I remember struggling a lot with the boss of Stonefang Tunnel, Armored Spider-Man, because he kept combo'ing me with webs (which slow your movement speed) and fireballs (which knock you down) as I tried to get close to him, and once I did get close to him, he killed me with a super-powered flame blast that you can't dodge at that close range. After dying twice, I'd learned all of his attack patterns and knew where to stand, when to attack, when to block, when to run, so on and so on, and now the Armor Spider is perhaps the easiest boss in the game.
Such is the basic principle of Demon's Souls: once you know what you're doing, the entire game becomes a piece of cake. Sometimes figuring things out requires a little bit of dying, but for the most part, if you take your time testing the waters, you can get through it just fine. The game is not unfair; it only kills you mercilessly if you're terrible at it and don't bother playing it intelligently. The game is only as challenging as you let it be; when you start to understand the combat system a little better, and more importantly, once you figure out how to exploit each enemy's AI patterns, the game can be beaten relatively easily on even lowest-level characters.
When I reached the end of my first playthrough, I decided to make a new character who would use different stats, and thus use different combat techniques. The plan was to cap myself at a low level so that I could invade other low-level players and scare them to death. Knowing where to go to get certain pieces of good equipment, and knowing how to use enemy AI to my advantage, I found it pathetically easy beating all of the levels a second time around -- I even beat the entire game with a level 6 character (most players complete a first playthrough around level 60).
From what I can tell, most of the times people die, it's because they rush into an encounter without bothering to assess the situation, or because they don't have the finer nuances of the combat system under their belt. I'd venture to guess that most people who complain about Demon's Souls being too hard are treating it like Oblivion or God of War, where they just charge forward spamming attacks without any form of tact or strategy, or they're just terrible gamers in general.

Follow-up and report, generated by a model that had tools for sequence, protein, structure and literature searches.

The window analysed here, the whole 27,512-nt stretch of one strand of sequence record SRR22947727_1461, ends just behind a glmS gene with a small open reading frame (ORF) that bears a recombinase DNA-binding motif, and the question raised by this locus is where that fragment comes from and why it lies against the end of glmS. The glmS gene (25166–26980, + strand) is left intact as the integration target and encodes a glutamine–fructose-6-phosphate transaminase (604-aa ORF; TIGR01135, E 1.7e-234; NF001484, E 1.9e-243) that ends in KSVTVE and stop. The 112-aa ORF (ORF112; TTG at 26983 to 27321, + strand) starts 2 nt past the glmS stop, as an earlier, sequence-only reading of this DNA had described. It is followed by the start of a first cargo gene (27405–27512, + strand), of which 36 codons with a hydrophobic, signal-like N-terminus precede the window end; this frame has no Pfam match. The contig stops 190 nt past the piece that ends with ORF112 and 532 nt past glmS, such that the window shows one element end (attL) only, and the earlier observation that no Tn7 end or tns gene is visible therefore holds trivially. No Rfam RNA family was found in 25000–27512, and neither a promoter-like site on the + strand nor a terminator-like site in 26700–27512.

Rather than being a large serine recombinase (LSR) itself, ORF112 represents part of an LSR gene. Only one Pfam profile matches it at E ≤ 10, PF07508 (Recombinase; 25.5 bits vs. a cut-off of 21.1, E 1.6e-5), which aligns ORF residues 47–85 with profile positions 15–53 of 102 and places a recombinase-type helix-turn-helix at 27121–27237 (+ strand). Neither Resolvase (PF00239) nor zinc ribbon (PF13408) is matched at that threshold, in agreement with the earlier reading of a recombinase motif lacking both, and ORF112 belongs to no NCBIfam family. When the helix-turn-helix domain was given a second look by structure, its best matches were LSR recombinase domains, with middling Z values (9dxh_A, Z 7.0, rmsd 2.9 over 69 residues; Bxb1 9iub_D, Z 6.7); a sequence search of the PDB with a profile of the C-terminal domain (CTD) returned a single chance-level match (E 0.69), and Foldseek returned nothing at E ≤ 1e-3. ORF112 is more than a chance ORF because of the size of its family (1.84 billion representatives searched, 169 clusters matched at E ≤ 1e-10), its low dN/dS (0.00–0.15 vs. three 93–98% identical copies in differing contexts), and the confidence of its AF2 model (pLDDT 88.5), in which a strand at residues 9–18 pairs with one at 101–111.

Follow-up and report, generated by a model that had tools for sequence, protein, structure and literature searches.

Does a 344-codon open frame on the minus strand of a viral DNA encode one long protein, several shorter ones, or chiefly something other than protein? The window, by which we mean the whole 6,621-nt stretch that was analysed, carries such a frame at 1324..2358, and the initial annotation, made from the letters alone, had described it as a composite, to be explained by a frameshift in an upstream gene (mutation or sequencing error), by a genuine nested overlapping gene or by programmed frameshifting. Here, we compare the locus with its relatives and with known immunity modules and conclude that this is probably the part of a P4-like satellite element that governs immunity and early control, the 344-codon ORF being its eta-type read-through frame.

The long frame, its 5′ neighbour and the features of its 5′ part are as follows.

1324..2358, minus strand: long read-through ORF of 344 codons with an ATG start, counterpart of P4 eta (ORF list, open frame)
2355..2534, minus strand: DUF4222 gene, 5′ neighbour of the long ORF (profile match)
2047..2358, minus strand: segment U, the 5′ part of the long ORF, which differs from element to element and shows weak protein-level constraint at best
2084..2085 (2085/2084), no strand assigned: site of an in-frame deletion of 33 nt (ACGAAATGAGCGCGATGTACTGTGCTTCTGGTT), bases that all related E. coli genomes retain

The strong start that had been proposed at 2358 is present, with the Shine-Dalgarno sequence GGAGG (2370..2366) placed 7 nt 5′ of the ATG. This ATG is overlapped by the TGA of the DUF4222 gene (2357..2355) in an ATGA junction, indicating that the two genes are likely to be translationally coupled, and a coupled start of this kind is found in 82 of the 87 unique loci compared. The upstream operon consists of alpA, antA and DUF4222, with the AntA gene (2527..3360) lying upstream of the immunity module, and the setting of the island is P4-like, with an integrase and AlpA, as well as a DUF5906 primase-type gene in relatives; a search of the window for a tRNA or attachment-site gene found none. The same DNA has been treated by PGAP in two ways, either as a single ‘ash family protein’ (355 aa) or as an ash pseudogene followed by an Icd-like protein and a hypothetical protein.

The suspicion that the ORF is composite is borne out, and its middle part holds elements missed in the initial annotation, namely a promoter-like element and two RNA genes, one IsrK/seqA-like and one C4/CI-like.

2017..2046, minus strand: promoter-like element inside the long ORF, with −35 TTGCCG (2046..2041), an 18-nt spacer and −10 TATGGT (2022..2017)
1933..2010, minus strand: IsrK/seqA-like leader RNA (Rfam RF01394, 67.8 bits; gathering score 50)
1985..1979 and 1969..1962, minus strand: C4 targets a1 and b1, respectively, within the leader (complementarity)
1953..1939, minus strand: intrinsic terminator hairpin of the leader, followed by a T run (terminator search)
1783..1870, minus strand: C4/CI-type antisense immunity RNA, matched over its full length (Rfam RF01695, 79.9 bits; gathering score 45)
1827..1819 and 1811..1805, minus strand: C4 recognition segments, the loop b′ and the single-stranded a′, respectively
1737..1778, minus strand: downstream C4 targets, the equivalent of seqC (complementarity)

To put the difficulty into perspective, I think I died more times in the first 10 hours of Skyrim than I did in my first 10 hours of Demon's Souls. The combat in Skyrim is a pretty mindless button-mashing affair, where you just stand in front of an enemy clicking until one of you dies, and the only real determinant for victory is who has the higher stats or who has more healing potions. Consequently, I stood no chance in a lot of fights, so I died a lot against the likes of giants, mammoths, dragons, chaurus, trolls, and even certain bandits when I was still pretty low level.
Demon's Souls, by contrast, can be beaten at an incredibly low level because your success is based more on personal skill and strategy. By playing patiently and observing patterns, I was able to make it through the first several hours of the game without a single death. My first death in Demon's Souls came from accidentally falling off a high cliff as I tried to drop down to a lower ledge for some hidden loot. My first death from an enemy came at the hand of a fat official because I was carelessly spamming attacks, and didn't have enough stamina to block or dodge his fire spell.
From my entire experience with Demon's Souls, most of the times I died were completely my own fault and had nothing to do with the game being unfair. It rewarded my careful diligence and punished my recklessness. Whenever I died, I rarely felt frustrated or annoyed with the game -- I felt frustrated with myself for making a mistake. Instead of getting pissed off at the game for killing me, I took it upon myself to do better with the knowledge I'd acquired.
Basically, I feel like the difficulty was over-hyped, because Demon's Souls is not that difficult. It can be very challenging at times, yes, but I think Demon's Souls represents an ideal for challenging gameplay; it's not afraid to punish you for your failures, which makes your successes that much more meaningful, and it rewards you greatly for playing well. The challenge is neither tedious nor frustrating; it's intelligent and personal. As long as you play intelligently, it becomes a surprisingly easy game.